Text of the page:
OpenGeofiction

On fictional shibboleths

Posted by Luciano on 4 November 2021 in English (English).

A “shibboleth” is a word or name that locals know how to pronounce but that outsiders or visitors don’t know about.

One excellent example of a real-world geographic shibboleth from my personal experience: when I first moved to Philadelphia (I lived there from 1995-1998), I had no idea that when locals said “Skookle” they meant “Schuykill” - as in the Schuyill River and parallel Schuykill Expressway. Another example is more subtle, but important: you can tell the outsiders in the the US Western states by how they pronounce the name of the state of Nevada. Westerners (and, specifically, Nevadans) pronounce the name of their state /nəvædə/, while outsiders (particularly Easterners and Brits) generally pronounce it closer to /nəvɑdə/, or else they make the mistake of assuming it deserves a fully etymological Spanish pronunciation, and render it as /nebada/. It is jarring on US TV shows like the old “CSI Las Vegas” when supposed locals mispronounce their state’s name.

Another interesting shibboleth from my current locale, is the tribal and cultural name Tlingit. This is the most numerous Native American group in Southeast Alaska, and is still a living and dynamic language community, too. When I first came here, I had no idea what people were talking about when they talked about “Klinkit” - turns out everyone (including the natives themselves) pronounce the name of the tribe and language this way. I guess under the influence of English, the /tl/ cluster of the language has evolved to one easier for English speakers: /kl/.

Anyway, the question I have for all of you is: what shibboleths exist in your OGF territory?

Makaska is full of little shibboleths, mostly due to the early exploration and naming by the Franquese, and then subsequent mispronunciation of those Franquese names by the Ingerish-speaking later settlers. This is meant to parallel the US West and Midwest, which is full of such “bad French” place names: Des Moines (“Duh Moin”!), Boise (“Boizy”!), etc.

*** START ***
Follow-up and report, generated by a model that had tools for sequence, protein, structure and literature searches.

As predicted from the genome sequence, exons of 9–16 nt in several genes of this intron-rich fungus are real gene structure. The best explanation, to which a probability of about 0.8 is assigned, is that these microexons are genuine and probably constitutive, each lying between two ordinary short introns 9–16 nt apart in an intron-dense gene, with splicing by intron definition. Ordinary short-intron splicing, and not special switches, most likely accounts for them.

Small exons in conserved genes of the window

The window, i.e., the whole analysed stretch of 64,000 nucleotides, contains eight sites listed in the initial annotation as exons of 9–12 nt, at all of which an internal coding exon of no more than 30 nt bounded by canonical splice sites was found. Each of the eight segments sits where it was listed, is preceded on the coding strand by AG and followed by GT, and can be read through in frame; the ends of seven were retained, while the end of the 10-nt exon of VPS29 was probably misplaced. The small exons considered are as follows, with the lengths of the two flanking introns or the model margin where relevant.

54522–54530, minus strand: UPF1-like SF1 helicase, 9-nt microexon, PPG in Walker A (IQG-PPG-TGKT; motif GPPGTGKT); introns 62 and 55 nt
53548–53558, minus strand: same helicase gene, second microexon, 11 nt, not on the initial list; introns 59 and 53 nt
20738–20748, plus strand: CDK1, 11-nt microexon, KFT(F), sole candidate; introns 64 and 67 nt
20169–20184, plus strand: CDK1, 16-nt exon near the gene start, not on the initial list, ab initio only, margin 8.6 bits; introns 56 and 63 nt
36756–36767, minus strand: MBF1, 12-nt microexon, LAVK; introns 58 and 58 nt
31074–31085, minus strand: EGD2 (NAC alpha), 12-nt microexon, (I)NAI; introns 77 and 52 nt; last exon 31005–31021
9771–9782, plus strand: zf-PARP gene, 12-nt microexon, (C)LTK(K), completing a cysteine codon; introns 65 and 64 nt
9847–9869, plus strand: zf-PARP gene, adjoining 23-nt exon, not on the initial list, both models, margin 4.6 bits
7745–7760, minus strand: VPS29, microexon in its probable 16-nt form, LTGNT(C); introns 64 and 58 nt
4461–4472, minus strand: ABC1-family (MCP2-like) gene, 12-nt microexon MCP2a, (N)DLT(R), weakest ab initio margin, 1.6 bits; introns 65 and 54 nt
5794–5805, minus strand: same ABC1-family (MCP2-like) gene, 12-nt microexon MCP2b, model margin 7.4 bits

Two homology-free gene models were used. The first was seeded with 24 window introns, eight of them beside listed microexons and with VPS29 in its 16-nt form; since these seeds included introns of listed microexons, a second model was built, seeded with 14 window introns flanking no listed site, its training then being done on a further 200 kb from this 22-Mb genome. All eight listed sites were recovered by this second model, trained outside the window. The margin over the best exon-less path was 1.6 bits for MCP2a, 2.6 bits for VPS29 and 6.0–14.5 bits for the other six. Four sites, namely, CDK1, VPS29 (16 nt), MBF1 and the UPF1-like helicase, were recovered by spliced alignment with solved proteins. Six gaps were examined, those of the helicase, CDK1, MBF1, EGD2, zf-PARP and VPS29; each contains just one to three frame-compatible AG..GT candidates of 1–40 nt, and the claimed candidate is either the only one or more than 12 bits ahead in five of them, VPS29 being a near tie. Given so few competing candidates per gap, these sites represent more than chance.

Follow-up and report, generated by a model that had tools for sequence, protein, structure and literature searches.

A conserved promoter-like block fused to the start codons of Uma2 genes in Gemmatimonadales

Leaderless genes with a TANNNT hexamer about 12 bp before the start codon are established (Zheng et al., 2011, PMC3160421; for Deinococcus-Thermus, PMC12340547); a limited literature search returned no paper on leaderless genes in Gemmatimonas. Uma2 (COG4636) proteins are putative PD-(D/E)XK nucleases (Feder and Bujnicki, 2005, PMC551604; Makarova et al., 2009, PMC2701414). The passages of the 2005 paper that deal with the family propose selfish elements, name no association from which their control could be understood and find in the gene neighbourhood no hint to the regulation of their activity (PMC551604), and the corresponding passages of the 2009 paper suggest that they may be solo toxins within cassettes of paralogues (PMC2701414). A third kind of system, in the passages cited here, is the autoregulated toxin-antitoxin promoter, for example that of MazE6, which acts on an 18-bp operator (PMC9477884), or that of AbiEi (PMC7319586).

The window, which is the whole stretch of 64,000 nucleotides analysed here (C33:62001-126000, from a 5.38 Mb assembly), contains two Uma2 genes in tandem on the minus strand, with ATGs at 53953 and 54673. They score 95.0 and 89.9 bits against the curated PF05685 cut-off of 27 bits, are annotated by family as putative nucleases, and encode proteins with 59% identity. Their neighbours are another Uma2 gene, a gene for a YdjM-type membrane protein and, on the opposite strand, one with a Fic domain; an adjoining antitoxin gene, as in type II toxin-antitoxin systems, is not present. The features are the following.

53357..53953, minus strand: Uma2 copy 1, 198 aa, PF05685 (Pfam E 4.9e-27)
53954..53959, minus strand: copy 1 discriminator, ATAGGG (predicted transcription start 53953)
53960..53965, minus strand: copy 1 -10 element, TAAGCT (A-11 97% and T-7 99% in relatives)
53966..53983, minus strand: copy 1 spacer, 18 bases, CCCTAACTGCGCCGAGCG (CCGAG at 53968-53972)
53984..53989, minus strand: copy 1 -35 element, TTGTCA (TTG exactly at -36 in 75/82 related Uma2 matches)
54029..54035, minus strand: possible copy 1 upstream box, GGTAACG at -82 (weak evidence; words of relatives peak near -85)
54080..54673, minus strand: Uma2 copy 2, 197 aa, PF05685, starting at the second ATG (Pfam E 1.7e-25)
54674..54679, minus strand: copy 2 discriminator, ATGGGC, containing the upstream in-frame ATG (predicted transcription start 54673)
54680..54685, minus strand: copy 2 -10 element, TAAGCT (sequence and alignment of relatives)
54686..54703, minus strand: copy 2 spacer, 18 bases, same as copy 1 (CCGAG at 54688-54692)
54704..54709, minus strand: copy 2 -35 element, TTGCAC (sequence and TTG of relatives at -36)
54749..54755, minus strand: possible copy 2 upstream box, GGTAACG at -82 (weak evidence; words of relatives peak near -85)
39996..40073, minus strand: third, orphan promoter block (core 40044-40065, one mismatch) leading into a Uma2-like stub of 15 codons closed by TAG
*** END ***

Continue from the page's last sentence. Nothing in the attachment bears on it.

Some important shibboleths in Metro Ohunkagan (map) include the following:

  • Xaintrailles (neighborhood on the northside, major arterial street): pronounced “Zen Trail”
  • Jonnequiel (the airport, former Army fort, southside): pronounced “Junk Heel”
  • Jonquiere (the road): actually the same name as Jonnequiel, just spelled different, but pronounced the same, “Junk Heel”, or sometimes “Junker”
  • Vrijheid (a hill, and arterial road in the northwest): pronounced “Freehide” (which reflects a kind of awareness but distortion of the Lentian meaning, “freedom”)
  • Aeschlimann (a neighborhood and street in southside Hotanka Peninsula): pronounced “Eeshle-min”
  • Le Maingre (a neighborhood, street and horseracing track, southside): rhymes with “anger”
  • Marony (the small lake at downtown, the canal, the original name for the southside, “Fort Marony”): rhymes with “macaroni”
  • Most oldtimers call the southside “Fort”, and the northside is called “Town”
  • Nobody local pronounces Iyotanhaha fully - it’s simply called “Iyo”
  • Robeyns (neighborhood in south Iyo): pronounced “Robins”

Happy onomastics!

Comment from Tito_zz on 4 November 2021 at 20:01

Argentina is full of these, mainly for non-Spanish names: Banfield is /βan’filð/, Ingeniero Maschwitz is /maʃwits/, etc. For Allendea, it would probably be similar: the dialect would probably lead to such misunderstandings in the south: La Cañada is Caña’, Fojenica is Fohenía, etc…